The HDP5000 printers/encoders enabled RSTA to gain access to state-of-the-art, high-definition and efficient card printing at a lower total cost of ownership than the previously deployed solution. “Gaining greater efficiency with the new printers, we had no problems operating and issuing ID cards across all of our driver’s licence distribution locations,” said Nidup. Additionally, the HDP5000 ID printer and encoder produces crisp, high-definition images by leveraging the retransfer print technology. By printing a reverse image on an intermediate film, then transferring the film to the card surface, the HDP5000 outputs greater image quality that is long-lasting and more resistant to wear and tear compared to those printed directly on the cards.

Thinley Dorji, Motor Vehicle Inspector at RSTA, is one of the officers responsible for the issuance of drivers’ licenses in Bhutan
The improved quality of the cards has received positive feedback by the citizens of Bhutan

The new driver’s licences also feature a multitude of security features, supported by the HDP5000 printers. The RTSA achieved this by utilising the dual-sided printing feature. By installing the dual lamination module, it enabled them to quickly and efficiently laminate the cards on both sides, without flipping, in one pass.

Three identification colours

For easy identification, the new driver’s licences are issued in three different colours – white for private cars, blue for commercial vehicles such as buses, and green for taxis. The improved quality of the cards has received positive feedback by the citizens of Bhutan, as it provides a more secure, durable and updated look. “We now have a lot less requests for replacement cards compared to last year, lessening our workload and resulting in an added benefit in annual waste savings,” added Nidup.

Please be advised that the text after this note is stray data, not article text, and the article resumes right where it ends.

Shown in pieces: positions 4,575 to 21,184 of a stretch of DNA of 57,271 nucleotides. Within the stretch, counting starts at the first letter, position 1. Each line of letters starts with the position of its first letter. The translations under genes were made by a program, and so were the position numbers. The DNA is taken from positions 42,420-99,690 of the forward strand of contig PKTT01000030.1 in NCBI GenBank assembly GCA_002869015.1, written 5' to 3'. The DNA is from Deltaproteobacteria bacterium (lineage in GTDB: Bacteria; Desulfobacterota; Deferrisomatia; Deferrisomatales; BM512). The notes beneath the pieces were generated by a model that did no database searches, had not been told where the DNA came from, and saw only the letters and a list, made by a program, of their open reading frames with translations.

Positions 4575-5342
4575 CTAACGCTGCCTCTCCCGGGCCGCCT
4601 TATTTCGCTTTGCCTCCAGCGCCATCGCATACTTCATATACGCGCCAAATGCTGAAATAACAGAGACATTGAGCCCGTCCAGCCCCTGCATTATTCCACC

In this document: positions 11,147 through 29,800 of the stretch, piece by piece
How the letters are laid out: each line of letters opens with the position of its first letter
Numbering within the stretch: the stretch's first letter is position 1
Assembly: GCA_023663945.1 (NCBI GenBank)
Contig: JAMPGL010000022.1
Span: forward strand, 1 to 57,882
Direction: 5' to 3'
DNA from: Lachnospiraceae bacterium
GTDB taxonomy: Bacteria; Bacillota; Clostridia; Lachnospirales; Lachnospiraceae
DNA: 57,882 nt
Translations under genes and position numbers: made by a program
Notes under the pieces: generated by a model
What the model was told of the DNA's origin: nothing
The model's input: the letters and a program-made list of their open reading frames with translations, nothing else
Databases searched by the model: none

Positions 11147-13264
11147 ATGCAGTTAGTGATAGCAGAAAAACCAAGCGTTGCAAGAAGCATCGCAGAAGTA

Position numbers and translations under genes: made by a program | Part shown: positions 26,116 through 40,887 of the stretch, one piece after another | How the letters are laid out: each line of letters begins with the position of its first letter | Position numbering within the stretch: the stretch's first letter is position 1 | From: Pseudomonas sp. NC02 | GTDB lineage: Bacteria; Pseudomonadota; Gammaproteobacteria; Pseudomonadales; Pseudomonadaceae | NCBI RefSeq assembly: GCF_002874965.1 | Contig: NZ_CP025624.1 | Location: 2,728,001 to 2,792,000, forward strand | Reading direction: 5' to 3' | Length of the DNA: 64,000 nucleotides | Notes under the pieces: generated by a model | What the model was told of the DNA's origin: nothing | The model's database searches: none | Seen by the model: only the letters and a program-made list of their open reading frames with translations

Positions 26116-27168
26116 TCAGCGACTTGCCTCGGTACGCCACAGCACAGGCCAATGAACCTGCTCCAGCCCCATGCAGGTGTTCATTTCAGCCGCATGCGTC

With the new HID Global solution deployed, the RSTA of Bhutan can now procure all printer consumables from a single source for a more efficient and streamlined resupplying process. The high throughput rate of the HDP5000 printers also contributes to improved efficiency. In the first few weeks of deployment, the RSTA cleared its backlog of driver’s licence requests. As a result, the department also reduced its wait times for the issuance of new and replacement licenses.

Plans for the future

Law enforcement agencies also benefit from the change to the printing process. In the months since the new IDs were issued, law enforcement officers have observed a decline in incidents involving fake IDs. The new security features on the IDs prove to be an effective deterrence against counterfeiting. Those counterfeit driver’s licences circulating in the market can easily be distinguished from the genuine ones.

The inability to create a counterfeit of the new IDs has resulted in a drop in the production of inauthentic IDs. “We are very pleased with the deployment of the HDP5000 printers and are currently exploring how we can expand our use of technology. Smart chip encoding, which can be supported by the printers with an upgrade, would enable us to augment the cards and make them multifunctional, and is a feature we are interested in implementing in the near future,” said Nidup.